Rise Of The Reaper
Review by Felix on June 14, 2020.
Death metal is the genre where “more of the same” is simultaneously dogma, corporate principle and self-mutilation. Maybe the same can be said about other subgenres as well, but definitely not to this extent. I am familiar with the early works of Entrails and I really like some tracks of The Tomb Awaits. But when it comes to the songs on Rise of the Reaper – well, do they reflect total stagnation or absolute authenticity? As always, it lies in the eye of the beholder (or in the ear of the listener). Entrails integrate little morbid melodies from time to time ('Miscreation'), but their general approach relies on (pretty solid) riffs and guitar leads we – and especially true death aficionados – have heard many, many times before. Needless to say, that the grunting vocals are also fully aligned with the stylistic guidelines. Some will like them exactly for that, I rather grumble about their monotony and interchangeability.
The guitar work does not lack expressiveness and consequently the songs reach a certain level of quality. However, to enthuse convinced genre fans is one thing, to gain new ground requires other measures. Even the production does not show the smallest deviation, it satisfies the needs of the obvious target group, no more, no less. Rise of the Reaper is more or less flawlessly produced, but its subgenre conformity creates an almost sterile sound experience. The album sounds heavy, no doubt at all, and the guitar tone conveys the rotting stench of a million violently opened coffins. Songs like the nicely titled 'Crawl in Your Guts' with its somewhat groovy death ‘n’ roll approach can stand on their own feet, but unfortunately they get lost in the wave of more than 46 minutes of uniform music.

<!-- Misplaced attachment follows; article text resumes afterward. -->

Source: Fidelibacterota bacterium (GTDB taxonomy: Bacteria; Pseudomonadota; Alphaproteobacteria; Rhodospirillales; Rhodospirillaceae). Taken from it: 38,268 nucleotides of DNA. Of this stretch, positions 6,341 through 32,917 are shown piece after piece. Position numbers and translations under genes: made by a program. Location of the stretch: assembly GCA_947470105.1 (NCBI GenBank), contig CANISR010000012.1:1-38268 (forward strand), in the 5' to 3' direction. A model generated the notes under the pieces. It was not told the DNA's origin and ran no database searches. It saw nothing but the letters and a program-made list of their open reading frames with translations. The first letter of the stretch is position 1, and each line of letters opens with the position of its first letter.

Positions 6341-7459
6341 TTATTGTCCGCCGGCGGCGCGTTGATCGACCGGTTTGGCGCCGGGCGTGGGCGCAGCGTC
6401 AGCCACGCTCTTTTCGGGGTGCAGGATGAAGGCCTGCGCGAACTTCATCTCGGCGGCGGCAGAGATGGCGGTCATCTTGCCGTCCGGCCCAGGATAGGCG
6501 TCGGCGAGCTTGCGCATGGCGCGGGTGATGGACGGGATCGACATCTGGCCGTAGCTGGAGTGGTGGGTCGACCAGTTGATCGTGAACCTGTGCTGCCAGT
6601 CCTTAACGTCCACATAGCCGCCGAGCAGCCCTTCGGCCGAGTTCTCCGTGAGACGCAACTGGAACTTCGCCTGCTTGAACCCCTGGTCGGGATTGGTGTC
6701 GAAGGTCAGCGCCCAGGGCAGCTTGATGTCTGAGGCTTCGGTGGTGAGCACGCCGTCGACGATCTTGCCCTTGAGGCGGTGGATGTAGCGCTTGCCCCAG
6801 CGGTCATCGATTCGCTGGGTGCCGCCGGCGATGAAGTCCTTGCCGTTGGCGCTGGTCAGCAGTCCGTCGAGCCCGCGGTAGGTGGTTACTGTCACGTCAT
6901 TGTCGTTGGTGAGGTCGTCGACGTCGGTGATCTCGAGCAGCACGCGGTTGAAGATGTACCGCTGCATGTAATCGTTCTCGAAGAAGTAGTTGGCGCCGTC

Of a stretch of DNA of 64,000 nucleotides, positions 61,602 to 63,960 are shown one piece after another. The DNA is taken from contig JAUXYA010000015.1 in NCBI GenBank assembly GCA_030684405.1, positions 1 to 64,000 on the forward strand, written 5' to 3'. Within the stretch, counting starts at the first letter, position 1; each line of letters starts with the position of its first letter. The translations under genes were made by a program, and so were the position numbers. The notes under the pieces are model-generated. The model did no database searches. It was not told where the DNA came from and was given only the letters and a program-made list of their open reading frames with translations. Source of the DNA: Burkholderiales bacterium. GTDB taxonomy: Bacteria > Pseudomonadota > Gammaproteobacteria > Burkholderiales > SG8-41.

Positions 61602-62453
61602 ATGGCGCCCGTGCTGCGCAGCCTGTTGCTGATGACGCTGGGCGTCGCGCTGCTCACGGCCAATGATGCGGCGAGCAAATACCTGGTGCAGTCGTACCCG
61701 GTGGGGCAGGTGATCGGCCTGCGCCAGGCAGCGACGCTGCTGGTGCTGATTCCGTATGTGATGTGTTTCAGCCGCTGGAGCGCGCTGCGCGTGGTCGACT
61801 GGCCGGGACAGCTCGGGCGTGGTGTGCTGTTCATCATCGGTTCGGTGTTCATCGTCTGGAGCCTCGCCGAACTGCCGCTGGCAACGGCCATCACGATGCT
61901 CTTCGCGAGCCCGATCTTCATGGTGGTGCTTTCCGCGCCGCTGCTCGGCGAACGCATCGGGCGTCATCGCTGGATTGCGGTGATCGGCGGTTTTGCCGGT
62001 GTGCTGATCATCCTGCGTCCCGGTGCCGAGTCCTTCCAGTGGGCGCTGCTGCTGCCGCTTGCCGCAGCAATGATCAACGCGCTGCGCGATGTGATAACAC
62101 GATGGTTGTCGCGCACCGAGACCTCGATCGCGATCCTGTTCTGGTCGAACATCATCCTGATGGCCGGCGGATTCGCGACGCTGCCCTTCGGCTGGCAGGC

Finally, a probably daring thesis. Roughly 30 years ago, death metal was the most shocking music. The name of the genre was not just a category, but an alarm signal as well. Today its outputs in general and especially Rise of the Reaper suffer from predictability. This is nothing less than the completely opposite of a shock which usually likes to come surprisingly and suddenly. Seen from this perspective, we could almost discuss whether or not the subgenre has lost its right of existence. But I do not intend to throw the baby out with the bath water and at least the epic and dragging 'Cathedral of Pain' adds a slightly different aroma to the material. Some of its parts sound like Candlemass on a death metal trip. Anyway, love the album or hate it, I am unable to do either of them.
Rating: 5.5 out of 10209